“It’s been crazy these last two years, and the staff has been very willing to work with us to make sure that the residents are getting seen when they can,’’ she said. “It entailed either adapting to telehealth sessions or being able to do this in person and figuring out what kind of instruments we can bring.”

Trained music therapists build a tremendous repertoire of tunes. Sometimes, just the right song makes all the difference. Brezinski remembers a Valentine’s Day when one Homeland resident who would typically isolate in the back of the room suddenly perked up when Brezinski played Frank Sinatra’s “Fly Me to the Moon.”

“I saw her just light up and start to sing, and her body posture opened up, and from then on, she was like a different person,” Brezinski said. “That’s an example of someone who hears a song that they connect with. Being able to see that change from start to finish was awesome.”

Homeland Financial Assistant Sonia Miralda: Decimal points make a difference


Attention to detail is a hallmark of Homeland’s excellence, and it starts in the finance office.

“A number, a letter, a point, or a dot somewhere can mean a mistake in the information,” said Sonia Miralda, a Homeland financial assistant. “You need to have that on your mind when you send something out. You need to have the correct information.”

While residents experience attentive care, they and their families enjoy peace of mind knowing that the financial wheels are turning smoothly.

Miralda was working at another area nursing home when two former co-workers who had joined Homeland approached her about an opening.

“I applied, and everything has been awesome,” she said. Her job includes accounts payable, paying Homeland at Home invoices, sending bills to cover residents’ therapies, ensuring that residents and their families get copies to keep track.

In an office where changes come every day, teamwork is Miralda’s favorite part of the job.

“I can come with a question to any team member, and I will get a correct answer,” she said. “It’s always a time for growing, always knowing something new. I am not afraid to go to anyone when I’m in doubt about anything.”

Miralda likes to laugh with her colleagues, too. They sometimes “take 10 minutes to sit down and think of new ways to do things. When we’re eating lunch, we’re always talking about how we can be better.”

Even though Miralda is not a frontline staffer, she enjoys interacting with Homeland residents. When the pandemic first shut down communal dining, she delivered breakfast to residents’ rooms.

“It was a change, of course, but it was delightful to go and help and take their meals and discuss things like what they were eating,” she said. “I never miss the opportunity to visit with residents.”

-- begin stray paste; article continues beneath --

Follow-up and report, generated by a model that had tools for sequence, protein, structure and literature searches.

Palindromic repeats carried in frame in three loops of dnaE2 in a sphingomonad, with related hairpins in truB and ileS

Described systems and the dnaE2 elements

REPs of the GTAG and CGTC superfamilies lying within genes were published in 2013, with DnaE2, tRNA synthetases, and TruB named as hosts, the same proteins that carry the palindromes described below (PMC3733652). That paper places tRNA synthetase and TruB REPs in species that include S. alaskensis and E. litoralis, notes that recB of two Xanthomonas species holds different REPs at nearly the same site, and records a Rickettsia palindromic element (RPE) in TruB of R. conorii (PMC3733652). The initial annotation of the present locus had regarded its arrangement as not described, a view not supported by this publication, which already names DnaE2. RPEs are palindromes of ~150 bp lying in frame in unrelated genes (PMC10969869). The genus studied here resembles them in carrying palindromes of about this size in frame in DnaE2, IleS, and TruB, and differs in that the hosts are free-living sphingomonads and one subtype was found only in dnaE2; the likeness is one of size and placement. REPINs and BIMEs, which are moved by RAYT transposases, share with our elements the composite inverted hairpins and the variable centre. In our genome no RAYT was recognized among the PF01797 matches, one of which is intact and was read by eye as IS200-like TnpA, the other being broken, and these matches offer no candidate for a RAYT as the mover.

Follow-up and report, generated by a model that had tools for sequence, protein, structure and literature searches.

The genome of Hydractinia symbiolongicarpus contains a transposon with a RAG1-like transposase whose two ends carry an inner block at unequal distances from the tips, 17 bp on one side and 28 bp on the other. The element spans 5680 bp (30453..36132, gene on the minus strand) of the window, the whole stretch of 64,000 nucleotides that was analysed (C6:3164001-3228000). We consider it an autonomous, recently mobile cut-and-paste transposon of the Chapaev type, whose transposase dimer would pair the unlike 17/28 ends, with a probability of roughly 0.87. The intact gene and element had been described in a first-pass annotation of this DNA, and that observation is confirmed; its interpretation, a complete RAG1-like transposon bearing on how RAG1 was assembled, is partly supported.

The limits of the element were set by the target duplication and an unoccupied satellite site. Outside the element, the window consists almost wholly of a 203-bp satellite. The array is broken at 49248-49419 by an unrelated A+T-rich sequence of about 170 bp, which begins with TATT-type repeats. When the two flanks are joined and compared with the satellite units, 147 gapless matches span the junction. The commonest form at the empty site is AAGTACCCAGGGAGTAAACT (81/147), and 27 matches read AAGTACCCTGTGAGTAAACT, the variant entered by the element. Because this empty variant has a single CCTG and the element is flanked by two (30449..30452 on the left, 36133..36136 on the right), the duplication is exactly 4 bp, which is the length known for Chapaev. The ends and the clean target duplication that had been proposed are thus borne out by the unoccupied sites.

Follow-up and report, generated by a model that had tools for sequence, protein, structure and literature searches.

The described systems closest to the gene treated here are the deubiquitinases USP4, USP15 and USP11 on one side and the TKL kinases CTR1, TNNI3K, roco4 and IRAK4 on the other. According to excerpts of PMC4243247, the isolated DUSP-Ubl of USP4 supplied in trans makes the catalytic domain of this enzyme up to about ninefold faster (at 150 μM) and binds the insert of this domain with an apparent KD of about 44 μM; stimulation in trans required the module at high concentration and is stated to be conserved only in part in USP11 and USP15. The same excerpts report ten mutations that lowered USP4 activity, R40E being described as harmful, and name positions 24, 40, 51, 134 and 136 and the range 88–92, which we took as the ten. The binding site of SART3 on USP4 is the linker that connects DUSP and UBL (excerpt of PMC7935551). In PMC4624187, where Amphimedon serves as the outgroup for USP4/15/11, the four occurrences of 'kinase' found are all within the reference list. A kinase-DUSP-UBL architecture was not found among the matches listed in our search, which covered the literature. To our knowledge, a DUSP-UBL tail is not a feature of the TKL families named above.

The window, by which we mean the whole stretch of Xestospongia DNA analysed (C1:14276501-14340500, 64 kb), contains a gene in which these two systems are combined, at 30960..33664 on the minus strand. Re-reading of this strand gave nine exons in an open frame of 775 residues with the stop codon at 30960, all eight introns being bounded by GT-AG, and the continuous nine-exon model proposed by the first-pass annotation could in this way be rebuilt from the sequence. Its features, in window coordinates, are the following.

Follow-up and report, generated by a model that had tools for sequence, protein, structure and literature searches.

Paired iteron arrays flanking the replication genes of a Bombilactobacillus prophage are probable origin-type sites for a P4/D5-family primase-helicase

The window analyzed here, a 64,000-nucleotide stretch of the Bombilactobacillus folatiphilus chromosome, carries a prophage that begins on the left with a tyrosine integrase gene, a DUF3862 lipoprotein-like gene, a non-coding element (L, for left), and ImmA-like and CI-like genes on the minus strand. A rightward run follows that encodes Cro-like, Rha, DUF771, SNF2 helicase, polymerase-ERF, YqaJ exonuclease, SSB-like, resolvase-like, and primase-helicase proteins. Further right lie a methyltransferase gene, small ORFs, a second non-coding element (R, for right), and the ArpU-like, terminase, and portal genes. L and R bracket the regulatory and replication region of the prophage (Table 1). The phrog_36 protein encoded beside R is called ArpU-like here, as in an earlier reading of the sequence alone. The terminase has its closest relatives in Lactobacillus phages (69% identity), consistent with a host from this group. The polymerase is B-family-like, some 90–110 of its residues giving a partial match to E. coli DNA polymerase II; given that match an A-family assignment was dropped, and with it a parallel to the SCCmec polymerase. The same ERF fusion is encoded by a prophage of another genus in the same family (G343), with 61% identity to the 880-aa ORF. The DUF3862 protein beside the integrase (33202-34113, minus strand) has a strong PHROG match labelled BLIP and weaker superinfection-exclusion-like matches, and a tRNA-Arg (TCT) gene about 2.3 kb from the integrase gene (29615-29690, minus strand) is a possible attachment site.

Residents are always eager to ask Miralda about her home country of Honduras.
“They want to know where I’m from and what’s different about it,” she said. “I guess I’m a pot of knowledge for them. I’m happy to talk to all of them. It seems like something different for them, and their interest is special to me.”

Miralda’s American journey started when she was 19. On vacation to the U.S. in 1986, she realized she wanted to stay. She found a sponsor family, living and traveling with them while learning the language. She loves the U.S. for its freedom and safety.
“You can speak your mind, and some people will like it and some will not, but that is their business,” she said. “I do appreciate that very much here.”

She misses her family and calls her mother in Honduras daily. She enjoys telling people about the ideal weather of her native country, but she saw her move to America as an adventure.

Miralda and her husband of 35 years, Pablo, moved to central Pennsylvania from the Washington, D.C. area when they were expecting their first child, a son who is now 24 years old. Her husband, an electrical engineer for a Carlisle machine products company, is the home handyman. Miralda is famous for her potato salad but always ready to try something new and create unique flavors.

She said she appreciates the level of communications from Homeland management at work – something she didn’t experience with her previous employer. She has told her husband that if they ever move, they will have to find a home between their jobs because she isn’t about to leave Homeland.